check out the project here:


One thing I added just today was the ability to pass a tweenTarget for a 3D object. If you look at the code samples below, you can now just pass a target and it's position and rotation will be used to tween to. You can also use constants to just tween to position or just rotation. You can also pass custom properties for it to use with the target. The swf demo I've posted in the playground basically tells the Cylinder object to use the properties of the orange sphere.


  1. protected function tweenAll(e:Event=null):void
  2. {
  3.     resettargetObject();
  4.     tween = new Tween3D(targetObject, [Value.tweenTarget(middleObject)], duration, Easing.easeOutElastic);
  5.     tween.start();
  6. }
  8. protected function tweenXYZ(e:Event=null):void
  9. {
  10.     resettargetObject();
  11.     tween = new Tween3D(targetObject, [Value.tweenTarget(middleObject, Value.XYZ)], duration, Easing.easeOutElastic);
  12.     tween.start();
  13. }
  15. protected function tweenCustom(e:Event=null):void
  16. {
  17.     resettargetObject();
  18.     tween = new Tween3D(targetObject, [Value.tweenTarget(middleObject, [Value.X, Value.Y])], duration, Easing.easeOutElastic);
  19.     tween.start();
  20. }
  22. protected function tweenRandom(e:Event=null):void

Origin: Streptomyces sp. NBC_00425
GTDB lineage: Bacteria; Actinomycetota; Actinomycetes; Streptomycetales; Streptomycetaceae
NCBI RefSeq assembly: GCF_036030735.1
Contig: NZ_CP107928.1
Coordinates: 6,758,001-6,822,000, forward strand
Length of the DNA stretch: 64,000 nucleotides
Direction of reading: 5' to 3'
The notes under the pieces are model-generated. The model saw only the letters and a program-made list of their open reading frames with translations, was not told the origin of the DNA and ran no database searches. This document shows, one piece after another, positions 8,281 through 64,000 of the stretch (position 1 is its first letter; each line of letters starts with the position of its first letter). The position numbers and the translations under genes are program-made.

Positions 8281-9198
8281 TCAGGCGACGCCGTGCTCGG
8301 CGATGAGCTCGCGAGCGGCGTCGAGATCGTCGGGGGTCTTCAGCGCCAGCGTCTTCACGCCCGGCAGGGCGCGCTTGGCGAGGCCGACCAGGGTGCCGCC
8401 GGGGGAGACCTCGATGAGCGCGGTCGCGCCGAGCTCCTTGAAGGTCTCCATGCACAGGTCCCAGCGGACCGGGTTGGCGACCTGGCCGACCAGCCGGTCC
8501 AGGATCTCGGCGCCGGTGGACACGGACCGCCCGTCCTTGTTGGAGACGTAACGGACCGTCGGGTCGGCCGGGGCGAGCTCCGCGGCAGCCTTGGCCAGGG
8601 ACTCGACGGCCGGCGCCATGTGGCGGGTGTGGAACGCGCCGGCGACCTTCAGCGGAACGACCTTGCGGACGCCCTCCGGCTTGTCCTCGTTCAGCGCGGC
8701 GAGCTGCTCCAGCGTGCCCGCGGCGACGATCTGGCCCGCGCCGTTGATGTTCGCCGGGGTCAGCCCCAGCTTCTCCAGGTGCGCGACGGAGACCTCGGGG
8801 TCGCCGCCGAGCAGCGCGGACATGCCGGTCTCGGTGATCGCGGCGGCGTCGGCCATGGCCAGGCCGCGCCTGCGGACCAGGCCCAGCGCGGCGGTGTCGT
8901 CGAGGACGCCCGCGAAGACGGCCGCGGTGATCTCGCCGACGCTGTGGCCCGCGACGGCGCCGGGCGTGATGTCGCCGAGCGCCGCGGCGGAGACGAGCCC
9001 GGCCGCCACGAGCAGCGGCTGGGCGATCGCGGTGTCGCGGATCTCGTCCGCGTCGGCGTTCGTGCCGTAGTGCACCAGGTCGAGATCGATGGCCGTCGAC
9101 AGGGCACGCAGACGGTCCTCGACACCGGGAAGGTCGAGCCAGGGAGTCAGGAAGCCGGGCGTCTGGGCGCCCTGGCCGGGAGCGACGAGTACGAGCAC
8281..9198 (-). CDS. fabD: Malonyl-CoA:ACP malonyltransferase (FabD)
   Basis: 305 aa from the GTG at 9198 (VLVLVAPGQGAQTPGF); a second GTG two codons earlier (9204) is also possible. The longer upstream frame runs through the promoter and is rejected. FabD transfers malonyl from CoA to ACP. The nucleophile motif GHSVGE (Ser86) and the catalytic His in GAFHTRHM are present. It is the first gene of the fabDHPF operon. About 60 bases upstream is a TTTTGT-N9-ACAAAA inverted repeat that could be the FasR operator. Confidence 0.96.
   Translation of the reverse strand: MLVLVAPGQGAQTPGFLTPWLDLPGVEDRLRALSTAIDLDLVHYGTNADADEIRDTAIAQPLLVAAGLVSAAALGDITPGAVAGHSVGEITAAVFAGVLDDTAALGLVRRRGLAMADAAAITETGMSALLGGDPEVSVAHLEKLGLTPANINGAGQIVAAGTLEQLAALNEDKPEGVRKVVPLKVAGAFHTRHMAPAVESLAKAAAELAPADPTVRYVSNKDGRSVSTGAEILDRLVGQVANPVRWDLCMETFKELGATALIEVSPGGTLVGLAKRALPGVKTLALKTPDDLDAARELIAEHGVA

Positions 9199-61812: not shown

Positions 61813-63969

23. {
  24.     tween = new Tween3D(targetObject, [Value.x(getRandom()), Value.y(getRandom()*.5), Value.z(getRandom())], duration, Easing.easeOutElastic);
  25.     tween.start();
  26. }

Value.tweenTarget() returns an array of Go3DProperty objects that Tween3D expects to get to do the tween. It's basically a convenient, yet strictly typed way of doing things. I'd say we're having as much fun as untyped objects at this point - Even more probably ;)

I'll be teaching on Go3D at the Toronto class in 2 weeks, and if you haven't signed up yet, I seriously suggest getting out there asap - seats are filling up

Now, the reason I say we need base 3D classes for all 3D engines to use is because in a situation where I want to open this up for Sandy3D or Away3D or any other 3D engine that uses x/y/z/rotationX/Y/Z/scaleX/Y/Z, I'd have to write specific classes tailored to their api and object types.

We need to have one set of common 3D classes that define the atom level of a 3D object with the main 10 properties:

x, y, z, rotationX/Y/Z, scale, scaleX/Y/Z

So, I'm going to be starting such an effort and see how that pans out ;) It makes too much sense especially when you consider any project that has to work with a 3D engine, but isn't integrated with the code base. ASCollada being one, and Go3D being another.

I'd love to hear people's thoughts on this matter.